Empire editorial: Turning a blind eye toward justice

Last month there was a great deal of reporting state- and nation-wide on the imminent release of a 500-page document chronicling the extent of the prosecutorial misconduct perpetrated by Department of Justice prosecutors in the case of U.S. v. Theodore Stevens.


Federal Judge Emmet Sullivan had ordered an exhaustive investigation into the case and the outcome resulted in a statement by Judge Sullivan which sums up those 500 pages pretty succinctly: “The investigation and prosecution of Stevens were ‘permeated by the systematic concealment of significant exculpatory evidence which would have independently corroborated his defense and his testimony, and seriously damaged the testimony and credibility of the government’s key witness.’ At least some of the concealment was willful and intentional, and related to many of the issues raised by the defense during the course of the Stevens trial.”

On March 5th, the Wall Street Journal published an article “The 60th ObamaCare Vote” which contained a sub-heading that read: “A soon-to-be-released report shows how rogue prosecutors defeated Ted Stevens.” If the investigation findings and this WSJ headline doesn’t get the conspiracy theorists all a-quiver, we don’t know what would.

The WSJ article went on to extrapolate how the loss of Stevens to Mark Begich in the 2008 election changed the balance of power in the senate and ultimately the adoption of ObamaCare with now-Senator Begich having voted in favor. Shortly after it published, Begich visited with the Editorial Board of the Empire and was asked about the WSJ article’s assertion. Begich responded by deftly waiving it off as “people trying to rewrite history” and claimed “I was in a virtual dead-heat before Steven’s prosecution.” While Begich’s remarks may be argued, we believe its naïve to think a Stevens conviction on ethics charges two weeks before the election didn’t have the very real potential of giving Begich enough of a lift to defeat Stevens by a 47.8 percent to 46.5 percent margin, or 3,953 votes.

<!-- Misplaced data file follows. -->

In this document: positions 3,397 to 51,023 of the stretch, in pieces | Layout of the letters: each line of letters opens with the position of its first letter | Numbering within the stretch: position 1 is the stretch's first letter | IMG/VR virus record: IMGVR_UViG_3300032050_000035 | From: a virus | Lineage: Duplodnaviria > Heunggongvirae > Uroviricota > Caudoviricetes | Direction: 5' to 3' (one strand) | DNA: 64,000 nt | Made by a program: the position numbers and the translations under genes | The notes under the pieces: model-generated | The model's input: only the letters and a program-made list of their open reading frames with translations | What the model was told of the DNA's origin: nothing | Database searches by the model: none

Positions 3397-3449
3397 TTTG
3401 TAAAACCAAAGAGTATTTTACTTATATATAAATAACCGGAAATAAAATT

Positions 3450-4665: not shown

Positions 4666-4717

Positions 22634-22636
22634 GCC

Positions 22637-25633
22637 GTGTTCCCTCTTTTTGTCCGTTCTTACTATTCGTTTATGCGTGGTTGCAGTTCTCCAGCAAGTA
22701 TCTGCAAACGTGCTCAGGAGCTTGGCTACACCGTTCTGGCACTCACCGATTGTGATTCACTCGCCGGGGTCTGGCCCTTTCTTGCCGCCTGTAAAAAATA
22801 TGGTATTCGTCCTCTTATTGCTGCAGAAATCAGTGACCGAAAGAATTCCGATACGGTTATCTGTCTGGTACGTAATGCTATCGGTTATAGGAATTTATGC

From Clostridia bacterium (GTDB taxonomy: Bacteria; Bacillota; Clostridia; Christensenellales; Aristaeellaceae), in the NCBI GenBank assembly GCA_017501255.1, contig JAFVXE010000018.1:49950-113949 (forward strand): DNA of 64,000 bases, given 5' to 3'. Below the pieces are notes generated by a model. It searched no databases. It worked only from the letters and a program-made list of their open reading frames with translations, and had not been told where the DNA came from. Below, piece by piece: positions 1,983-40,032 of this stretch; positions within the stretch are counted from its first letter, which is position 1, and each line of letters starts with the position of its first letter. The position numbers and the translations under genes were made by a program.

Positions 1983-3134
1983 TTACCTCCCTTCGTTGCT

We aren’t going to belabor the result of the election but we certainly have grave concerns about how our legal system was abused in such a fashion as to change the national political landscape. The federal prosecutors involved were no flunkies who simply botched a case. These folks are skilled and educated and certainly experienced enough to know their actions were wrong. If justice isn’t blind, certainly the DOJ case oversight was.

Stevens had the financial resources to fight the charges against him and even those resources weren’t sufficient to defend against the prosecutorial abuses he encountered. Reform is needed to protect citizens against further such conduct.

There will be a brief rally on the steps of the Alaska State Capitol at 4:30 p.m. on Wednesday for those folks who support justice for the late Stevens. According to the organizer’s flyer, “this brief rally will allow Alaskans in the Capital City to voice their collective belief that steps must be taken to ensure that the gross miscarriage of justice which befell Senator Stevens does not afflict any other Americans now or in the future.”

The DOJ can’t be allowed to continue to turn a blind eye toward justice and we urge a strong turnout on Wednesday to drive this point home.


  • Switchboard: 907-586-3740
  • Circulation and Delivery: 907-586-3740
  • Newsroom Fax: 907-586-9097
  • Business Fax: 907-586-9097
  • Accounts Receivable: 907-523-2230
  • View the Staff Directory
  • or Send feedback






The sweet fruit of education

Alaska’s 30th Legislature is diligently working to complete the session. Nevertheless, important work is still to be done. Many of the sessions are focused on... Read more

HB 54 is the missing piece in my end-of-life plans

In life, death at some point is inevitable. While most accept that, many wonder, “Will it be comfortable?” When I was young I would say,... Read more

Grateful for tourism in Southeast Alaska

Since the Great Recession, the visitor industry in Southeast Alaska has not only recovered but has grown due to diversification, an influx of small and... Read more